In the works since 2014 but waylaid by a requested Discretionary Review (DR), the plans for a boutique 8-story building to rise on the underdeveloped parcel at 1870 Market Street, between the older 4-story building at 1874-1878 Market Street and the newish 8-story building dubbed “Venn on Market,” could approved by San Francisco’s Planning Commission next week.

As designed by Sternberg Benjamin Architects, the proposed development would yield 10 condos over a 400-square-foot retail space fronting Market Street with a roof deck for residents atop the building.

And while the neighbors in the adjacent four-story building to the west have “expressed concern over the overall mass of the project and its potential effect on their existing roof solar panels,” San Francisco’s Planning Department is in support of the overall height, scale and form of the proposed project, “since it is in alignment with the underlying zoning district and height/bulk limits.”

In addition, the Planning Department notes that the proposed project “manages to provide a transition between the larger building located immediately east of the site and the four-story building immediately to the west,” existing solar panels be damned.

3 thoughts on “Boutique Market Street Infill Building Closer to Reality”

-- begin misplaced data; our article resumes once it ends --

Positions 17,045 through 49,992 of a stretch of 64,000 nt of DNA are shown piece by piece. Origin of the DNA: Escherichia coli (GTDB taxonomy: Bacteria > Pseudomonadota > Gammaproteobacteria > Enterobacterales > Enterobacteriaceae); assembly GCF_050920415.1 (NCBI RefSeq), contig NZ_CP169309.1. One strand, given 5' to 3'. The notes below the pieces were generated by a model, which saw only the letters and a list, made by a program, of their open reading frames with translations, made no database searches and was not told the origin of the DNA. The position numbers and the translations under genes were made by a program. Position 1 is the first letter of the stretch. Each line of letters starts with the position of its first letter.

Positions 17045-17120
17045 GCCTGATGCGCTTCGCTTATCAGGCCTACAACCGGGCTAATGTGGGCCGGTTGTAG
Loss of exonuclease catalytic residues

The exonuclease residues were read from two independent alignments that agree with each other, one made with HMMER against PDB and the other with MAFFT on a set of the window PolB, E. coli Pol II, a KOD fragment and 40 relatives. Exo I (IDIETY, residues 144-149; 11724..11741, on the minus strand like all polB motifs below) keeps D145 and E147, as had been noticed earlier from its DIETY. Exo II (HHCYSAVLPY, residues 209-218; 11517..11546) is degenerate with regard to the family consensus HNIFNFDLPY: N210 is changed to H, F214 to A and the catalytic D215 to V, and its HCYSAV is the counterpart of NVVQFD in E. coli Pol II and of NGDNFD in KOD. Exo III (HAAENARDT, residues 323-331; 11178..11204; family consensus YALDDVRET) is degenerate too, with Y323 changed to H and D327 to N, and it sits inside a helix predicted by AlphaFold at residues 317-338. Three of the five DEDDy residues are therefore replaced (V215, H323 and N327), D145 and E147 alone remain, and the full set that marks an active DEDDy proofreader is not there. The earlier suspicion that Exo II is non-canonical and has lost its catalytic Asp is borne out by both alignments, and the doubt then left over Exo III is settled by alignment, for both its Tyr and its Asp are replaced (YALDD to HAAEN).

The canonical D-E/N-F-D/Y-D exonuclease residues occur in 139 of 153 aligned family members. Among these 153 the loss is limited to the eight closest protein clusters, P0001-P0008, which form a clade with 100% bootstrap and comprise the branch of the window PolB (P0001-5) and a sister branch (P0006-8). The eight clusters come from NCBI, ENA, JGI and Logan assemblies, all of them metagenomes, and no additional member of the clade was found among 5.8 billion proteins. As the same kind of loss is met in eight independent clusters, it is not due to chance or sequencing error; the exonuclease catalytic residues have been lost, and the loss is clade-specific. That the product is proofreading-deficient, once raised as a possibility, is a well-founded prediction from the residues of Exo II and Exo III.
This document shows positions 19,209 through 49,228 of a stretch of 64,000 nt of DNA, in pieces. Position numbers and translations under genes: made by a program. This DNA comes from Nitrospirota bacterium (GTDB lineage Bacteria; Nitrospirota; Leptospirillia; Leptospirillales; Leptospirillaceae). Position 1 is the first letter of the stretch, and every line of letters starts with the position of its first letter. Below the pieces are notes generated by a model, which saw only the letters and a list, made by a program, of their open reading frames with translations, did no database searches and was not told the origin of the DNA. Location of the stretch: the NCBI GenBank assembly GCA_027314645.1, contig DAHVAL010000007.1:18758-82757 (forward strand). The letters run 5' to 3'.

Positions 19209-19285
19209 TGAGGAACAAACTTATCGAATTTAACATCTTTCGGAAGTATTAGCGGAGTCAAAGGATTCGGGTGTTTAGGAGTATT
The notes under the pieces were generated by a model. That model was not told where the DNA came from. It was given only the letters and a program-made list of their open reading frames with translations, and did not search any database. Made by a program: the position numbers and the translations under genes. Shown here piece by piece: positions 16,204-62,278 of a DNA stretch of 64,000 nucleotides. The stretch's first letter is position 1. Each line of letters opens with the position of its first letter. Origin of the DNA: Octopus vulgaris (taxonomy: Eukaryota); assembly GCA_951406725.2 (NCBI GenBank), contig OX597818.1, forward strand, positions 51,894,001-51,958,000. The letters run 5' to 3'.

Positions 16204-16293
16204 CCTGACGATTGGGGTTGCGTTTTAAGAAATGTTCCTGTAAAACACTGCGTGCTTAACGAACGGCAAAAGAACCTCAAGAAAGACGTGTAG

1. Interesting how the neighbor’s fire escapes have morphed into wrought iron balconies in the rendering: is this a another bad drawing (“The renderings…AGAIN?!?…doesn’t he ever shut up about that ??”) or are they going to be doling out grants for neighborhood upgrades?

    The building itself: yeah, whatever; they could certainly do worse – many have, and may will still yet – but I’m not sure what makes it “boutique”…maybe the brick facing will actually touche the sidewalk or somethin’.

    1. Re: those faux balconies. Dang, good catch.

      I’m sure having an effective design for an 8 story bldg on a 25’ lot is a challenge. Probably just a small back yard, more like a big light well at the back, so having front through back units at most levels makes sense. Eliminating parking helps with a more eff3ctive commercial space below. Yup, this area of SF is getting more urbanized, and it’s mostly a good thing for upper market area.

Leave a Reply

Your email address will not be published. Required fields are marked *